When endocrinology and democracy collide: Emotions, cortisol and voting at national elections

Israel Waismel-Manor, Gal Ifergane, Hagit Cohen

Research output: Contribution to journalArticlepeer-review


Faced with stressful experiences, such as uncertainty or novelty, the adrenal glands secrete glucocorticoid hormones to help us cope with stress. Since many decision-making situations are stressful, there is reason to believe that voting is a stressful event. In this study, we asked voters in Israel's national election (N = 113) to report on their general affective state immediately before entering the polling place using the Positive Affect Negative Affect Schedule (PANAS) and to provide us with a saliva sample through which we could evaluate their cortisol levels. Compared to a second sample of voters who reported their affective state on election night (N = 70), we found that voters at the ballot box had higher positive and negative affect. Moreover, our voters at the polling place exhibited cortisol levels that were significantly higher than their own normal levels obtained on a similar day, and significantly higher than those of a second control group sampled the day after the elections (N = 6). Our data demonstrate that elections are exciting, yet stressful events, and it is this stress, among other factors, that elevates the cortisol levels of voters. Since elevated cortisol has been found to affect memory consolidation, impair memory retrieval and lead to risk-seeking behavior, we discuss how these outcomes of elevated cortisol levels may affect voting in general and the field of electoral studies in particular.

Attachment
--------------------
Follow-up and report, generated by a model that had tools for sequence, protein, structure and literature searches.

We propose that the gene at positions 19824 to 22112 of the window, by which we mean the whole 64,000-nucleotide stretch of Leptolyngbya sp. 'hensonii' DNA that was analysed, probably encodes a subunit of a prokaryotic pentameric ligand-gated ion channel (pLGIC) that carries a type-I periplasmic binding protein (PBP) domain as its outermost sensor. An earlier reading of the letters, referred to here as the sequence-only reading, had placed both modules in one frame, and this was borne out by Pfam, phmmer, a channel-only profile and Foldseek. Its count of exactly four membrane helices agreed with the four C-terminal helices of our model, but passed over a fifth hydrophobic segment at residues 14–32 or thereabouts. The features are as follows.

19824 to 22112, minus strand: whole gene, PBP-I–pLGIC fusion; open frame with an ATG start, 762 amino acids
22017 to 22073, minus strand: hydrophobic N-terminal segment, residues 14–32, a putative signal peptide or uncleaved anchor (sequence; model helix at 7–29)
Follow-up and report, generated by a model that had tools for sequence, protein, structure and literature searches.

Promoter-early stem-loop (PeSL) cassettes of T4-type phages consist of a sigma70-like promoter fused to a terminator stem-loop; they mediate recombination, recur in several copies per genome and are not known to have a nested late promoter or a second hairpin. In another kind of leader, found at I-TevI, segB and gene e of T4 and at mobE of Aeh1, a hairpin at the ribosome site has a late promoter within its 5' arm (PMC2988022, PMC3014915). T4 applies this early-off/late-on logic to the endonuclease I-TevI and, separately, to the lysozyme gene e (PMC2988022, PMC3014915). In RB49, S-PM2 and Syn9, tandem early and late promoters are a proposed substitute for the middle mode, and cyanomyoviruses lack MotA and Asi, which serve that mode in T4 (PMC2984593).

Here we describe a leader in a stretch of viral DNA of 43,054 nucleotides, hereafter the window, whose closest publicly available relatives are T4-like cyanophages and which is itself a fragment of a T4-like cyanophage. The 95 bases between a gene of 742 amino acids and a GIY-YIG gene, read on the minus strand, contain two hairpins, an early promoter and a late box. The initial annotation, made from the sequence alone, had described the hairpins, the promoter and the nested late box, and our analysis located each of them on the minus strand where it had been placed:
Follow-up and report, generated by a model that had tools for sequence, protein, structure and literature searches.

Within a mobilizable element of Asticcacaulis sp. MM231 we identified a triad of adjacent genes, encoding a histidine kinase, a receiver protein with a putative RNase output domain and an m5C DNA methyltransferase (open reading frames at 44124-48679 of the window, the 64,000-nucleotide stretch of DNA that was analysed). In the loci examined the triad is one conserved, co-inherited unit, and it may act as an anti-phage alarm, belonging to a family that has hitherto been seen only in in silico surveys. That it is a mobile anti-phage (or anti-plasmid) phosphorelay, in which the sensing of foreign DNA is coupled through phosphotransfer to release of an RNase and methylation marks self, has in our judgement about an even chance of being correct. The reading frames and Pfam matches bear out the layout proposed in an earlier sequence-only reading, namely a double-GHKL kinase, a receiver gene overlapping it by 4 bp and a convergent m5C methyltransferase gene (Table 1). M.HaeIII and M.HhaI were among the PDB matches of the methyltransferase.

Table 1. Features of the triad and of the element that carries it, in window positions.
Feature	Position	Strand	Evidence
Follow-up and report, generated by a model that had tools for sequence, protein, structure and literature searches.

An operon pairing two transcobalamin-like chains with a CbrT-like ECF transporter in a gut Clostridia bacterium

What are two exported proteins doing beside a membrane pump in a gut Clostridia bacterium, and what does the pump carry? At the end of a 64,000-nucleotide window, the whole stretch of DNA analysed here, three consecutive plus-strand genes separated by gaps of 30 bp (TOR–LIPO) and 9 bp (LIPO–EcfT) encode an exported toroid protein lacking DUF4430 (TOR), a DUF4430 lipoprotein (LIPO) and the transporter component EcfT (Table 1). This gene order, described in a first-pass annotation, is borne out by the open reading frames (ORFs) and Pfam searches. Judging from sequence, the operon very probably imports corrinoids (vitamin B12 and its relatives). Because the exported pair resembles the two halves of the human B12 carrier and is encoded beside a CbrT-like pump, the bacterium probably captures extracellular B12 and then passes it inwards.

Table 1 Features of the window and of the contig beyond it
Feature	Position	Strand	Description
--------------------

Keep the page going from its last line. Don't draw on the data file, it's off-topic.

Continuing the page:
Original languageEnglish
Pages (from-to)789-795
Number of pages7
JournalEuropean Neuropsychopharmacology
Issue number11
StatePublished - Nov 2011


  • Cortisol
  • Decision-making
  • Negative affect
  • Voting

ASJC Scopus subject areas

  • Clinical Neurology
  • Neurology
  • Psychiatry and Mental health
  • Pharmacology (medical)
  • Biological Psychiatry
  • Pharmacology


Dive into the research topics of 'When endocrinology and democracy collide: Emotions, cortisol and voting at national elections'. Together they form a unique fingerprint.

Cite this